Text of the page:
Friday, October 29, 2010

Saga Two

This week James finished the recessed lighting in the family room where my husband watches so many old movies. That bright light is essential to help with Syndowner's. The picture at the left doesn't do justice to the real change in lighting in that room.

"This is the last time you take me to a doctor," proclaimed DH, as he drove us to an endocrinologist this week. Yes he can drive now. I was glad because while he drove I was writing down all his prescriptions, Centrum Silver, Flaxseed Oil, Vitamin B12 and the Ecotrin full strength aspirin he now takes instead of expensive Plavix. I didn't want to cart all those bottles in to the doctor.

We didn't know why he needed to see the endocrinologist, but found out why when we got to Watson Clinic in Lakeland. His calcium levels were elevated and that could mean surgery on a gland or kidney stones.  He collected urine for 24 hours and did a great job of remembering to do this even while I was gone. Shortly he will take a bone density test also to see if calcium is not getting to his bones and if he has thin bones.

A researcher interviewied me about coconut oil and the benefit to my husband. I pointed out DH's passing his driver's test at an ALZ clinic and also the fact that Byrd Institute said that they didn't think he should be dressing himself now based on his MRI. Yes, indeed, coconut oil is helping DH.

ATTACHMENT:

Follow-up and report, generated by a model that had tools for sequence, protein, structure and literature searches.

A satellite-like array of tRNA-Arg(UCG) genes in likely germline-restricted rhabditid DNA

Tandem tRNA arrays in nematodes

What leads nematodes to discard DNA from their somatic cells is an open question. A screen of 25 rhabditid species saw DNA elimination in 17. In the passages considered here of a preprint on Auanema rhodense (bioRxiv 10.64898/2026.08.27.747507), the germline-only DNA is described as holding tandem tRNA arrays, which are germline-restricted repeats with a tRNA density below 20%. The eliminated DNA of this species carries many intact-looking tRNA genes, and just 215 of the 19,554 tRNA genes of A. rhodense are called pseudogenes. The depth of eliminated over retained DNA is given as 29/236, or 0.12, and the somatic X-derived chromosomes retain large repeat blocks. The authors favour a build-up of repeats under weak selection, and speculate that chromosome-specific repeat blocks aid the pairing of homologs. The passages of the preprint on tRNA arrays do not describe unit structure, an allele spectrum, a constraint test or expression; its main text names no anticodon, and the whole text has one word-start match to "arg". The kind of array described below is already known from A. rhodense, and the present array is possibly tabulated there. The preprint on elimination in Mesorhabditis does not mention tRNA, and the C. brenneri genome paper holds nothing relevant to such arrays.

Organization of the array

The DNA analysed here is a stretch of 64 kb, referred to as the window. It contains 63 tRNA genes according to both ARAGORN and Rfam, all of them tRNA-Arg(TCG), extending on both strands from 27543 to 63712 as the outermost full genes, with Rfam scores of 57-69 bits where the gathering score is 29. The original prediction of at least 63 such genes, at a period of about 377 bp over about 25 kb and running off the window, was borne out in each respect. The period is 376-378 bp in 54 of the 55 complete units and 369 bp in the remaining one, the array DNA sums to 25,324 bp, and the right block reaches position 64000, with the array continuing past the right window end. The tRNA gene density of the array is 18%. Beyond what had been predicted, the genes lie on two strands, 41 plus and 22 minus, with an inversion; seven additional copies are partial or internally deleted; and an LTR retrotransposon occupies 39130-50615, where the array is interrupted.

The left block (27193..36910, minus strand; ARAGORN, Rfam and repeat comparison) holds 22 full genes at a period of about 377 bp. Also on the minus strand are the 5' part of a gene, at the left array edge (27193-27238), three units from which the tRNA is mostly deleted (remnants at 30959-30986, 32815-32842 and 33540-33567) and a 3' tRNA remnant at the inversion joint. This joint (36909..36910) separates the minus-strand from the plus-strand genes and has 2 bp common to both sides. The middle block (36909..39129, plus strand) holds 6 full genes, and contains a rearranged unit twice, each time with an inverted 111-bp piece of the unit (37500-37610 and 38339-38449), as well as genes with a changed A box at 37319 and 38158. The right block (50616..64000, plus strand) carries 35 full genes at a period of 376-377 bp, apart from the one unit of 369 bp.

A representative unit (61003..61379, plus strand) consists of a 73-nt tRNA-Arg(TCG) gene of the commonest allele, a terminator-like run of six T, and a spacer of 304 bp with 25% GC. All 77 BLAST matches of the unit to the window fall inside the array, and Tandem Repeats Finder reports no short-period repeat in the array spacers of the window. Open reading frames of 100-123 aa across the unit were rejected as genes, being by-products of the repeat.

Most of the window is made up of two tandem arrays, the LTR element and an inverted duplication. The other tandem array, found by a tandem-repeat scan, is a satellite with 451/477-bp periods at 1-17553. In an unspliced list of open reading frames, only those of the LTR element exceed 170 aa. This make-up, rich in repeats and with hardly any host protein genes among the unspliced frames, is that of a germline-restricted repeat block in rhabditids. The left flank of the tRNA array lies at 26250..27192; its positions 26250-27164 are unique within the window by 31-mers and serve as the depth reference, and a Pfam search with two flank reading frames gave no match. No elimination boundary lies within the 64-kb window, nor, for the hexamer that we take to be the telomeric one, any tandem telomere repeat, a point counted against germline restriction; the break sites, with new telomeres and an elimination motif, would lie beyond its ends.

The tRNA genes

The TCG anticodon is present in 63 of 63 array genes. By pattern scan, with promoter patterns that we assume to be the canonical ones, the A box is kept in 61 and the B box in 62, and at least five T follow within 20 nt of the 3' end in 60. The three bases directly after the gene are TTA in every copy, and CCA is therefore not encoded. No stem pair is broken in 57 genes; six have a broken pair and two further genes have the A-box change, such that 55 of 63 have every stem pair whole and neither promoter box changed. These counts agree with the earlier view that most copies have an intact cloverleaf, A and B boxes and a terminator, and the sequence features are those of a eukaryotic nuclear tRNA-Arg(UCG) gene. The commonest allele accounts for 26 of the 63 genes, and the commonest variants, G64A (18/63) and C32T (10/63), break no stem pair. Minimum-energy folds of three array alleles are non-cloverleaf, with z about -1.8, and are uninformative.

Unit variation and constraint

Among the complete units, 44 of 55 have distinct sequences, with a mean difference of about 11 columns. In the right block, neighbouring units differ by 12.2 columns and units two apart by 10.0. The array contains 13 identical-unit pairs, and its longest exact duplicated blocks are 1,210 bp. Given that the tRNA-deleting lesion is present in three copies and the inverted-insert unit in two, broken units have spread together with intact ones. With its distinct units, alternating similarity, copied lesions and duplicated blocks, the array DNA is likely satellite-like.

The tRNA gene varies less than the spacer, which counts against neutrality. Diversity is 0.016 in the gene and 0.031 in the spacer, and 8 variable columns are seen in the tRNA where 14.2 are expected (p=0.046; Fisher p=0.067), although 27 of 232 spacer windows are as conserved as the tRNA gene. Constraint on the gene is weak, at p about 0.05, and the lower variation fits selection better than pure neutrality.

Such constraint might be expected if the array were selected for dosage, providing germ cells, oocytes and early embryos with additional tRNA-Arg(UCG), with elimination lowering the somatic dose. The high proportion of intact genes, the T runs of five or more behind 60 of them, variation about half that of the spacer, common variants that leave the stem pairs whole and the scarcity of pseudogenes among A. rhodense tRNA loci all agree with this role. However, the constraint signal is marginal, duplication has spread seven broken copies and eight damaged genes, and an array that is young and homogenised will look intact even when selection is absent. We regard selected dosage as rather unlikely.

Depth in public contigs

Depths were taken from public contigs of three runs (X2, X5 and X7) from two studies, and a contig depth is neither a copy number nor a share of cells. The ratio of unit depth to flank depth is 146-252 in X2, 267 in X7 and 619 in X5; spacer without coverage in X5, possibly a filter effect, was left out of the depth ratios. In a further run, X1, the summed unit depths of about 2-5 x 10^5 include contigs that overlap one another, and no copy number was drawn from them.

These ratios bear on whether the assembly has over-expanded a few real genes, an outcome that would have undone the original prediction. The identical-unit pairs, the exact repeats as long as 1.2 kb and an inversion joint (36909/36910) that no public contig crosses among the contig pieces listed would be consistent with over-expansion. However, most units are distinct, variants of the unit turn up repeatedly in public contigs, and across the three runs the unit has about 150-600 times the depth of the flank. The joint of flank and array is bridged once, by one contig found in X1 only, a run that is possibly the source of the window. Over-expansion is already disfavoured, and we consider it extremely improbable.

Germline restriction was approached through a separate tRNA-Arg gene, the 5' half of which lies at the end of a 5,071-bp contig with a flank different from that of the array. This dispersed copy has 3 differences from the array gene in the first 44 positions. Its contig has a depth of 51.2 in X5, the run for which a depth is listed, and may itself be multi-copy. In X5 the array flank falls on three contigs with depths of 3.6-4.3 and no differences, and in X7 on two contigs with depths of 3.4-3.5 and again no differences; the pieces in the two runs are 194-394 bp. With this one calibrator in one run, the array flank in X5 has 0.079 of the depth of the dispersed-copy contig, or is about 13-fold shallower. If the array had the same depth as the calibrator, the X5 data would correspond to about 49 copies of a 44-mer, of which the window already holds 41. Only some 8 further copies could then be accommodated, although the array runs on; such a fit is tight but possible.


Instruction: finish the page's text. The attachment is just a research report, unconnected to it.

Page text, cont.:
Sally, Jake, DH and I traveled to Disney's Epcot in Orlando this week. In celebration of passing of the driving test I actually enjoyed my husband driving the four of us to Orlando.  I wanted to drive his SUV, but he said it makes him feel like a man to be the driver. He really is a safe driver. On the return trip, however, DH was happy to have me drive. Again we got in free due to the generosity of some friends. Jake and DH got better acquainted during the day as did Sally and I.

How wonderful it is for me to have Sally to share the journey of husbands having Alzheimer's. We commented that the men may be about the same stage of Alzheimer's, although we do know that this disease takes different forms with different men. We also noted that they both husband's need organizational skills of their wives to complete projects--my husband to weed and Jake to paint a fence. During the day at Epcot we had plenty of opportunity to observe the interaction of our husbands who are enjoying forming a friendship as are Sally and I. Sally had read my book and so knows all about me and I was able to ask her getting-acquainted questions also. What a gift from the LORD this couple relationship is turning out to be!

Sunday, October 24, 2010

Saga One